It’s not quite 45 years since The Stalls of Barchester was first broadcast, as it aired on Christmas Eve 1971, but this is close enough and since when have I ever run TMINE’s The Wednesday Play feature on a day other than a Wednesday, hey?
The Stalls of Barchester was an adaptation of master ghost story writer MR James’ short story of the same name. It sees 1930s scholar Clive Swift uncovering a box in the library of Barchester Cathedral that contains the diary of the cathedral’s former archdeacon (Robert Hardy). Swift is able to work out from the diary that Hardy caused the death of his own predecessor at the cathedral and resultingly came under the curse of the man who made the wooden decorations for the cathedral’s stalls – a curse that ultimately leads to his own death…
Stalls was the first official entry in the annual 1970s BBC play strand, A Ghost Story for Christmas. It was adapted, produced and directed by Lawrence Gordon Clark, who had seen Jonathan Miller’s 1968 adaptation of James’ Whistle and I’ll Come To You and being a lifelong fan of the author, pitched the idea of another adaptation to Paul Fox, the then controller of BBC1. Fox agreed and Clark chose Stalls to be the first in a series he would produce, as well as largely write and direct.
The slightly novice and unconfident Clark chose to follow many of Miller’s choices with Stalls, including building up tension and fear through suggestion and atmosphere rather than being overt, and shooting on location (Norwich Cathedral doubles for Barchester) using 16mm film rather than video; he even hired Warning‘s Ambrose Coghill to play the curator. Unlike Miller, however, he was able to shoot in colour – and rather tastefully, too, unlike many video-shot shows of the early 70s. He also reveals a bit more of the supernatural than James ever did in his story and despite a cast of actors known mostly for their roles in sitcoms, avoids the humour that Miller included in his piece.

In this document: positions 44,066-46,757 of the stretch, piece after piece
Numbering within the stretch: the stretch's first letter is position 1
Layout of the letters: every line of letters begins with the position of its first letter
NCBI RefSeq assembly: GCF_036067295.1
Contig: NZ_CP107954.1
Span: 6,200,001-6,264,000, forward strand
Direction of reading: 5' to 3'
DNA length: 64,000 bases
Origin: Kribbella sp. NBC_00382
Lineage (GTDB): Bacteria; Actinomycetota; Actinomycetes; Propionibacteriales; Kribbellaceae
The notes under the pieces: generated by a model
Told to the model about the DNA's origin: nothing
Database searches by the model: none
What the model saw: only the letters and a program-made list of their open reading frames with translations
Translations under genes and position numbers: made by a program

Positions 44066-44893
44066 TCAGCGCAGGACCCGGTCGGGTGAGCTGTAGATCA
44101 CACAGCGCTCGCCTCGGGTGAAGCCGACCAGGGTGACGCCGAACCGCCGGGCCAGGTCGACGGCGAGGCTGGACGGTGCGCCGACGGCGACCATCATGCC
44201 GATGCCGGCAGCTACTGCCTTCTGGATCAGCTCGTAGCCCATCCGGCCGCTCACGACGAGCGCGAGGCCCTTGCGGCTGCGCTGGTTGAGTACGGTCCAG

With no fixed run time thanks the scheduled late night time slot, Stalls was able to run to 50 minutes and proved so successful that Clark was able to make an annual return to James’ stories for most of the decade.
And it’s your Wednesday Play – enjoy!
PS Remember: if you like it, support the makers (ie the BBC) by buying it on DVD